land dispute in cakung
The National Land Agency punished some of its officials for issuing a certificate for some disputed plots of land. The claim to the land harnessed the negligence of some law enforcers and government officials.
A SEMI permanent structure sits on the front part of a plot of land located next to the Cakung River in East Jakarta. It is flanked by company offices and logistics warehouses, and located about a kilometer from the exit toll road which heads towards the Nusantara Bonded Area. “That is my client’s land which was appropriated by another party,” said Haris Azhar, a lawyer from the Lokataru Law Firm, in mid-November.
Haris said that his client, Benni Simon Tabalujan, has controlled that 7.7 hectares of land since 1974. For 40 years, no one has refuted his ownership.
A dispute took place when Abdul Halim, a resident of Kampung Baru in Cakung requested a land certificate be issued by the local office of the National Land Agency (BPN). He claimed to have 13 sales agreements for five land deeds as the basis for his right to the land in question.
Halim said that he purchased the land in 1980. Initially, officials at the East Jakarta BPN office declined his request. The BPN cited that the land was already registered in the name of Salve Veritate, Benni’s company.
Agrarian and Spatial Planning Minister/Head of the National Land Agency Sofyan Djalil said that Salve’s ownership has been on record since 2011. That land was initially registered as belonging to Benni Simon Tabalujan, and had been put up as a company capital (inbreng). Because it became a corporate asset, the land had to switch to the building rights title (HGB) status, not personal ownership as it had previously been. “There is no issue from that aspect, as the certificate was diverted to his own company,” said Sofyan on Tuesday, November 17.
When learning that those 7.7 hectares of land were a company capital, Abdul Halim filed a lawsuit at the State Administrative Court (PTUN) in Jakarta. He asked the court to cancel the HGB certificate held by Salve for that land. The panel of judges granted his lawsuit on April 1, 2019.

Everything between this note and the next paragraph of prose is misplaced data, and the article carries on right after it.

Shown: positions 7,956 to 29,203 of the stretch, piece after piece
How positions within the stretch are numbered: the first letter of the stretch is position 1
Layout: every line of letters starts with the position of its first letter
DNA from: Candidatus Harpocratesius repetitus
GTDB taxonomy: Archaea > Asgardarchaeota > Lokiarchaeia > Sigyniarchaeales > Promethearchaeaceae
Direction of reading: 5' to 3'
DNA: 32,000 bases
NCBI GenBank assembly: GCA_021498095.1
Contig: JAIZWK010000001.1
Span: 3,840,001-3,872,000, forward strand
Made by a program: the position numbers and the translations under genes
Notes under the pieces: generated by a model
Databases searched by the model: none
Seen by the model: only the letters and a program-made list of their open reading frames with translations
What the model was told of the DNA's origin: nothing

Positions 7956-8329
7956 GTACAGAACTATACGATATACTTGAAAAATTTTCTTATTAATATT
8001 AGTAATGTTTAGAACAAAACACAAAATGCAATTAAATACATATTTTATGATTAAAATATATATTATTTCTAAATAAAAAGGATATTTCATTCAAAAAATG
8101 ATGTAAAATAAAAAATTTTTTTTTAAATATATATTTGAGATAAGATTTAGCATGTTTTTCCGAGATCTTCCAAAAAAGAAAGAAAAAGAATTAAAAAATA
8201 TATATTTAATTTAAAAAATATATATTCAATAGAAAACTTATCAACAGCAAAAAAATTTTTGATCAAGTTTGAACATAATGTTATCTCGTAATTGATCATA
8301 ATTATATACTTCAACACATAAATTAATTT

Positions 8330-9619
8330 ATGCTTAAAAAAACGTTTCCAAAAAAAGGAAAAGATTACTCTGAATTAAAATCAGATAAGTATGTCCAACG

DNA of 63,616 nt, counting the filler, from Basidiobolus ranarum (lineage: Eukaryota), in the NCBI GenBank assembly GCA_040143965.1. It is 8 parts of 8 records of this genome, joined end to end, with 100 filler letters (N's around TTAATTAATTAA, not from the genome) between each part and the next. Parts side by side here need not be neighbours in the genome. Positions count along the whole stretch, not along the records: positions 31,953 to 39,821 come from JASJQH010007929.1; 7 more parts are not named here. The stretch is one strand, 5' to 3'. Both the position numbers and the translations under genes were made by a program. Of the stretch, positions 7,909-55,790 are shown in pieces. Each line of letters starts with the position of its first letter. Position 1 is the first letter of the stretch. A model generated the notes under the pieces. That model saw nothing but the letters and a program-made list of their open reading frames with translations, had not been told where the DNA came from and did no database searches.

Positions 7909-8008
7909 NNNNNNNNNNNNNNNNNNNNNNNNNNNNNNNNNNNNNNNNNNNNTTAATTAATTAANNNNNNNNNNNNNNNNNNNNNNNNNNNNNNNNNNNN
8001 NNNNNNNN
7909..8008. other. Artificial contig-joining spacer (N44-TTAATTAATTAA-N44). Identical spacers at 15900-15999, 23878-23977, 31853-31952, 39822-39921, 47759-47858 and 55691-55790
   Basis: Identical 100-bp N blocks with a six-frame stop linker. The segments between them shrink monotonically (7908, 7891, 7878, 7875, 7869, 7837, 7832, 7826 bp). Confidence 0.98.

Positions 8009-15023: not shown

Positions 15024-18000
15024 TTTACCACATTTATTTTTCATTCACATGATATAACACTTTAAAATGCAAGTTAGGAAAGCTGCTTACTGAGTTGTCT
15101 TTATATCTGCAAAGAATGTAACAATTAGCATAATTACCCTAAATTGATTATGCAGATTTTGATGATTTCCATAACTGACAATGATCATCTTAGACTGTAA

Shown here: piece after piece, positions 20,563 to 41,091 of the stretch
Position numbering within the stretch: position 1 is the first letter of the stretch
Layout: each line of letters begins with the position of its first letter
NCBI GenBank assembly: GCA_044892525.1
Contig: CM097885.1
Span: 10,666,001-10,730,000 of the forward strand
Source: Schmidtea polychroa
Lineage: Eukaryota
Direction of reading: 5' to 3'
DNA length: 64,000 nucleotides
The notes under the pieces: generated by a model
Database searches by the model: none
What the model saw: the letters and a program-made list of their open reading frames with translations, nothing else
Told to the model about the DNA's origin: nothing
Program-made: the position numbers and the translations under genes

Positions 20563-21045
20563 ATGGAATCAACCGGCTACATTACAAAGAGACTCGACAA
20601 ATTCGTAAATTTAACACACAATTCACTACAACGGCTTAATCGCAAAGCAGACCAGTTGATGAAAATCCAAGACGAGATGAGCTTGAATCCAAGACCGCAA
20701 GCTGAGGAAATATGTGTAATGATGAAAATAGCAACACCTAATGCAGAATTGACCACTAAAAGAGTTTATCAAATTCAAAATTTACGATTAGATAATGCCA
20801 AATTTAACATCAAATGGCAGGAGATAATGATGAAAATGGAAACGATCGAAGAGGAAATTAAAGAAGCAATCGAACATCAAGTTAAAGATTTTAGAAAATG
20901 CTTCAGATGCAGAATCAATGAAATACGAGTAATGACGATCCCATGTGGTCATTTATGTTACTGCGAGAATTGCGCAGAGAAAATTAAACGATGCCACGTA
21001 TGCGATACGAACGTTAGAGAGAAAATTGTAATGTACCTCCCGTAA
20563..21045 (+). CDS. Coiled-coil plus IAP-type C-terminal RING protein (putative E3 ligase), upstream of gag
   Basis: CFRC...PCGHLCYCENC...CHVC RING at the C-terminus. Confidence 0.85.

At the appellate court, the decision on Halim’s lawsuit was reversed. This was upheld in the court of the third instance. Benni won in the Supreme Court on February 27. Salve was deemed to be the rightful owner of that vacant land in Cakung. The panel of judges held that the court of the first instance had been careless in examining the evidence in the case.
Another issue arose when Abdul Halim filed a request with the East Jakarta BPN office to cancel Salve’s ownership right. He sent four such cancellation requests from February to June 2019.
Sofyan Djalil said that in order to support that request, Abdul Halim used a verdict from the Jakarta PTUN to get approval. “The request was later approved by a land official. This was a mistake,” said Sofyan.
Samsul Bahri, then the head of the East Jakarta BPN, is suspected of granting Abdul Halim’s request. He issued a letter with reference number 840/ST-31.75/VI/2019, which was a recommendation to cancel Salve’s rights to the land in question.
Samsul ordered his subordinates to review the standing of the land’s ownership. As a result, Halim’s request was deemed to be acceptable and was approved. They considered that Salve’s documents were procedurally flawed. The results of that meeting were forwarded to the Jakarta BPN Regional Office.
Head of the Jakarta BPN Regional Office, who at that time was Unu Ibnudin, approved the recommendation of the East Jakarta BPN office on September 30, 2019. Unu is suspected of issuing Decision Letter No. 13/Pbt/BPN.31/IX/2019 without including any information about the dispute settlement efforts.
BPN Inspector-General Sunraizal considered that the submission and granting of that recommendation was procedurally flawed. At that time, the land ownership dispute between Abdul and Benni was still underway in court.
Sunraizal considered that Samsul Bahri made another mistake by granting Abdul Halim’s request for a certificate to be issued. The worst mistake of all, he said, was that the land which was measured was different from that being claimed by Abdul Halim.
It is suspected that the surveyor used by the BPN surveyed a location north of the disputed land, in other words it was a land owned by another party entirely. That land was only 2.2 hectares. “So that certificate was made for a different plot of land,” said Sunraizal.
Benni fought back against the recommendation and the certificate issued to Abdul Halim. He sent a letter of protest on December 2, 2019. He considered that the East Jakarta BPN office had been reckless in granting Abdul Halim’s request.
However, his protest did not result in any changes to Abdul Halim’s certificate. Later, the land certificate was signed over to Harto Khusumo. “This change in ownership was recorded by the East Jakarta land office on July 8, 2020,” said Sunraizal.